Sunday, February 23, 2014

Graphite Drawing of Actress Anne Hatheway WIP 5

A little bit of progress since my last post.  There must be some sort of cabin fever going on here, since I have not been happy enough to settle down to the drawing board.  An overwhelming feeling of being cramped and claustrophobic overtakes my being.  Today, my time was spent rearranging my small space to make it open up around the area where my table is at.  The new layout seems to have done the trick for the time being and as a result a few hours were put into the piece.  As you can see, the hair needs a whole lot more dark added to the shadows! ;)

I have been sorting through my art books lately and organizing shelves, which has sent me into a reflective mood...  So many artists are born with such distinct styles.  Ever since I was young, my drawings have been mapped out by the shadows.  My drawings can start anywhere on a subject, since the whole isn't of interest to me in the beginning.  The subject is just a mass of intricate interconnecting light and dark shapes to me.  Although I have thoroughly enjoyed moments of life sketching and free flowing lines, my detailed work has always been built up this way.

These thoughts were floating around in my head today, because I happened across one of Lee Hammond's art books.  She is an artist who's experiences and techniques overlapped many of mine and to whom I attribute the push in my work to smooth Bristol board and layered blending.   When viewing her work for the first time in over a few years, I was amazed at how different our finished products were.  Her art has more of an airbrushed/polished finish.  Mine still allows for the shifts in surface planes to show through-- a more sketchy like feel.  It was a little bit of a shock for me to see our differences in style when using similar techniques.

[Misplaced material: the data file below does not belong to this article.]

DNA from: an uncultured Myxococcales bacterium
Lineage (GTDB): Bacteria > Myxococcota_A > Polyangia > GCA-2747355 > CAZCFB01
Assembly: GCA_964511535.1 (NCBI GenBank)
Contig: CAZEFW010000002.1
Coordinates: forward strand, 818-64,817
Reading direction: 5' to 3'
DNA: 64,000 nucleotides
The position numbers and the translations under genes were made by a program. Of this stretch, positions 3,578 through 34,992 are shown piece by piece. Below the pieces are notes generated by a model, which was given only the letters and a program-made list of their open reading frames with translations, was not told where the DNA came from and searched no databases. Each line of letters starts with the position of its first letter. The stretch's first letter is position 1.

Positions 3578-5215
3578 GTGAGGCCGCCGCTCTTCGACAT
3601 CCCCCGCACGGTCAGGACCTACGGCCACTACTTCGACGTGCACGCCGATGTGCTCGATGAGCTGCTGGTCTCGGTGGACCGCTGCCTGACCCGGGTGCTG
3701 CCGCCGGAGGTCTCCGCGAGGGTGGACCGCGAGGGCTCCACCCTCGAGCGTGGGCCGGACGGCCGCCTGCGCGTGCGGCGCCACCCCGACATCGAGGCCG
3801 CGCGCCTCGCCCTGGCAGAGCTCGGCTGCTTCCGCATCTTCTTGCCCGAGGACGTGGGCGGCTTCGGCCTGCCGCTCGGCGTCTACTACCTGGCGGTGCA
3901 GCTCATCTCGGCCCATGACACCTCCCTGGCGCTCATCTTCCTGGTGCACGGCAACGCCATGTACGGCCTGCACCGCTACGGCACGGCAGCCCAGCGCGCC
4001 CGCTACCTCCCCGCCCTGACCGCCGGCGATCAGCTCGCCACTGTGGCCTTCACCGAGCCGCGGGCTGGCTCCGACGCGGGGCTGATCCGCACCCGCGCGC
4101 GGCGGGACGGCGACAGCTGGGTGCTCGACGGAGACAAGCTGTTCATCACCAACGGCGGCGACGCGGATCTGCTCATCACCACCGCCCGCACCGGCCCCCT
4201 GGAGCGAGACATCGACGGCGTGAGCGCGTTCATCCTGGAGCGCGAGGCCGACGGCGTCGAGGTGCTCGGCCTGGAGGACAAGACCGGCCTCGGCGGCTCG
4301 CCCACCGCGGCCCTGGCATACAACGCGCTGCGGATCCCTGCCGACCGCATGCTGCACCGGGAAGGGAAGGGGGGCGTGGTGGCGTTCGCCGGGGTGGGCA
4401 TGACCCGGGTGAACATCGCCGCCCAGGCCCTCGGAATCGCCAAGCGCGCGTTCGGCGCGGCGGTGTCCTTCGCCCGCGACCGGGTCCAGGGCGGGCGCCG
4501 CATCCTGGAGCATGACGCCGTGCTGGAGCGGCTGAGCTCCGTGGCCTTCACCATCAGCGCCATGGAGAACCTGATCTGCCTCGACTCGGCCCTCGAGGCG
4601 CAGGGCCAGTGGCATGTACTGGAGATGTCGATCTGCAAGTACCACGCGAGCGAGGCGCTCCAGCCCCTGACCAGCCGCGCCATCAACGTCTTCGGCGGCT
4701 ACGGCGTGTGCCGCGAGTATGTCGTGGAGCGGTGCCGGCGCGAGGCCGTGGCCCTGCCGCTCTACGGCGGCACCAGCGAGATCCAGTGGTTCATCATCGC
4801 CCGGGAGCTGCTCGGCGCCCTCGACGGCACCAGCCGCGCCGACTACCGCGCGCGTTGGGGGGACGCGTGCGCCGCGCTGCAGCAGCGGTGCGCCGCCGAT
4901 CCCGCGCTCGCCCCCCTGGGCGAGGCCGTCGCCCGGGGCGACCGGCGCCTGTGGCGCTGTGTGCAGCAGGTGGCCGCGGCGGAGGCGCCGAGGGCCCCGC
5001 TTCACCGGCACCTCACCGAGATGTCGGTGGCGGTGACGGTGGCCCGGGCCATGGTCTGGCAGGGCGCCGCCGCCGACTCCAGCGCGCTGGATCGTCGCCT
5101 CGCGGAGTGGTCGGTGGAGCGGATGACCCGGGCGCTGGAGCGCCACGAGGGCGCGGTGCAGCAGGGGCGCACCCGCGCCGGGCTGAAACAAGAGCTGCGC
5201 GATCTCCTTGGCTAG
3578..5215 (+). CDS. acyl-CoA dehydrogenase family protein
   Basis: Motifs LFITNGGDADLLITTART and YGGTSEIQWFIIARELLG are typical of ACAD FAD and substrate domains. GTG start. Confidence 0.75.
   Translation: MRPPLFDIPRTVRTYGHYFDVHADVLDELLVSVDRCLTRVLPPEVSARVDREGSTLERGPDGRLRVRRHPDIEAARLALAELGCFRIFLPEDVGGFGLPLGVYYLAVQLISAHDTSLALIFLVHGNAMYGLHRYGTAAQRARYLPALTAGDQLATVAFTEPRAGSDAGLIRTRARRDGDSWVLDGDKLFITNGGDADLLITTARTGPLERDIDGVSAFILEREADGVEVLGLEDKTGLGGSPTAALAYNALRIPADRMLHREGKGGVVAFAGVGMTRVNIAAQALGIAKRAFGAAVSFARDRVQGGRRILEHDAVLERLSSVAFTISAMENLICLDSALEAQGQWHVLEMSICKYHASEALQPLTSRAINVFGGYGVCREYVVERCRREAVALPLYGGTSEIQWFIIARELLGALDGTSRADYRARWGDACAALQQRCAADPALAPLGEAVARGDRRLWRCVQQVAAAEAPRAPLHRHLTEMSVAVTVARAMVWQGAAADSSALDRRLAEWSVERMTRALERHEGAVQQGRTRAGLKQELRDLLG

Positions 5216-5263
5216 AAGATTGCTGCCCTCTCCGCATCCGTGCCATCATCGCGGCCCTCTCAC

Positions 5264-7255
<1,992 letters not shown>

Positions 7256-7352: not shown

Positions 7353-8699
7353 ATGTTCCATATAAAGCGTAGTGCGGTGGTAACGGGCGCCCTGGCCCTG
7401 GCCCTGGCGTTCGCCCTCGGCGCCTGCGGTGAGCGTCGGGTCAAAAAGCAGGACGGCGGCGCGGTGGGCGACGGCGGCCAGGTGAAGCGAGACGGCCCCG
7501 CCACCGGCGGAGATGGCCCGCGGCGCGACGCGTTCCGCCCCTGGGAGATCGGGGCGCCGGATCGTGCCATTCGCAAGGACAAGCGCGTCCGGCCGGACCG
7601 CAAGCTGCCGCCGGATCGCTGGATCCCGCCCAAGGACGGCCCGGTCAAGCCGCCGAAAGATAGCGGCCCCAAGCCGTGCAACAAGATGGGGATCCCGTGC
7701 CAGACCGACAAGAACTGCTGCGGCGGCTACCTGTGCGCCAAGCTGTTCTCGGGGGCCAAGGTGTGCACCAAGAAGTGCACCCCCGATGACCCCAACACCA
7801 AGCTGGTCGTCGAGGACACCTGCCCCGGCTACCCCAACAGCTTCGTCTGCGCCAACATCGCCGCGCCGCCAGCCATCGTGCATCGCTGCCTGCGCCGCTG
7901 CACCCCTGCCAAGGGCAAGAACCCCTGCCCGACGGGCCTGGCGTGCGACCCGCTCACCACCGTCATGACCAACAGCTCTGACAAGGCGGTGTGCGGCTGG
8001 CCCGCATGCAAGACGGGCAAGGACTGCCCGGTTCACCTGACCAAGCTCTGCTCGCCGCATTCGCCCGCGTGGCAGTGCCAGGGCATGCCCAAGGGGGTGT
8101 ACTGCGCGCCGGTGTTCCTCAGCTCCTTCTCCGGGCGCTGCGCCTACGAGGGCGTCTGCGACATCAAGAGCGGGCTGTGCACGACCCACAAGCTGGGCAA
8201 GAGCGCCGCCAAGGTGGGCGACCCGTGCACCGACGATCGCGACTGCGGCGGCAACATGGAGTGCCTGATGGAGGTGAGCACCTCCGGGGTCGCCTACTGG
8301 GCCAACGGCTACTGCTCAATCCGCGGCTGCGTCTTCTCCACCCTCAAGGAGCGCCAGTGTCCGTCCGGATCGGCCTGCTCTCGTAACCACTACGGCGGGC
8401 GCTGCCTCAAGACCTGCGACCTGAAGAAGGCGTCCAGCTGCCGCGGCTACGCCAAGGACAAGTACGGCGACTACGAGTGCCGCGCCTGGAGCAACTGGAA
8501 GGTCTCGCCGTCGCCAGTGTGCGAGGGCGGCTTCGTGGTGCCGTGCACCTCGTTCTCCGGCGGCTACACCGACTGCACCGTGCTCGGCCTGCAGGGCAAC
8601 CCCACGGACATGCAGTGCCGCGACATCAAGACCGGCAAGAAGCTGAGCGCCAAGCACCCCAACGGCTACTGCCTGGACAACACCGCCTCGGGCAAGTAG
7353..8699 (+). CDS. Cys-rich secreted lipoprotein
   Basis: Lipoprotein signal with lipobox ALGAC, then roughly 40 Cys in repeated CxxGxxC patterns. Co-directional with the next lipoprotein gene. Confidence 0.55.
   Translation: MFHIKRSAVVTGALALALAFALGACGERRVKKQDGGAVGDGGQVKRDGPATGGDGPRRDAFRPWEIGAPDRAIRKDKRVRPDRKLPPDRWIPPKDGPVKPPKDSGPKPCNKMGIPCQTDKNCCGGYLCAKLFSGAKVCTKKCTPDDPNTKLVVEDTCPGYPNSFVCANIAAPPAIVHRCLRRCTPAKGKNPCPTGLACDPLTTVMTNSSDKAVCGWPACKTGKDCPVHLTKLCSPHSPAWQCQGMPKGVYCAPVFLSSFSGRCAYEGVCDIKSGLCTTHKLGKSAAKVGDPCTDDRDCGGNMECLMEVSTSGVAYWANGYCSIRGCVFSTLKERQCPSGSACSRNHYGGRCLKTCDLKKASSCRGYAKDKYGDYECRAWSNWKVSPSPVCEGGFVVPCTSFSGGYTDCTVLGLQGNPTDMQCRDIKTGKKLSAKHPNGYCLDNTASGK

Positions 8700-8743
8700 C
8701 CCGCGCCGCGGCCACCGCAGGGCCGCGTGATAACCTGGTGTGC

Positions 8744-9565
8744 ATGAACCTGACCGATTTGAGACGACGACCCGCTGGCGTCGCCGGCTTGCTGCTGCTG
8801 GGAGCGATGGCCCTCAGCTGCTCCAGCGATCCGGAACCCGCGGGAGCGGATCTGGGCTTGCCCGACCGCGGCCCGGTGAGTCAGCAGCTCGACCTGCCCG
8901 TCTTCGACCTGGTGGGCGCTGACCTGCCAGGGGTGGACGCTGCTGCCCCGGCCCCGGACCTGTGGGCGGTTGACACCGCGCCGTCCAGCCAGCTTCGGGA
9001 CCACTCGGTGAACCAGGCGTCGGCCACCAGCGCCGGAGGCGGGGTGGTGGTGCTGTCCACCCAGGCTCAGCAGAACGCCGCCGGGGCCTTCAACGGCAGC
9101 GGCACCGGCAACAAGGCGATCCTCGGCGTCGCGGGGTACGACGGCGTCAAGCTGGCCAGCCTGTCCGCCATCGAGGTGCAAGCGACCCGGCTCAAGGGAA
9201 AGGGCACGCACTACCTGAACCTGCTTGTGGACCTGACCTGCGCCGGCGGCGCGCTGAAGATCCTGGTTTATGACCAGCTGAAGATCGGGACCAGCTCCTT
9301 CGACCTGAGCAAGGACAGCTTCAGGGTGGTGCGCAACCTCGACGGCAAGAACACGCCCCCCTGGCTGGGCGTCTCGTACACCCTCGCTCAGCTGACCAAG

I don't know where this train of thought is going... Just a little rambling, I guess...  Although it has been 25 years since being in college, I can still hear my art professor (who I admired greatly and did great battle with ;) ) tell me that she could always pick my art out on the display wall.  I must admit that I took it as an insult for a moment.  Then, she turned to me and said that having a distinct style is not a bad thing.  :)

Maybe my mind just needs some questions to ponder...  My belief has always been that artists are born with their talent... But can a style be altered or changed?   How do other artists view their subjects... as a whole all the time, in parts or in small details?   Do they see lines or the shading that lies within them?   It would be narrow minded of me to think that we all see things the same way.  Life has shown me that is not true.  Being one of three siblings that draw, I can honestly tell you that none of the three have the same style.  Just another thought to ponder for the night! :)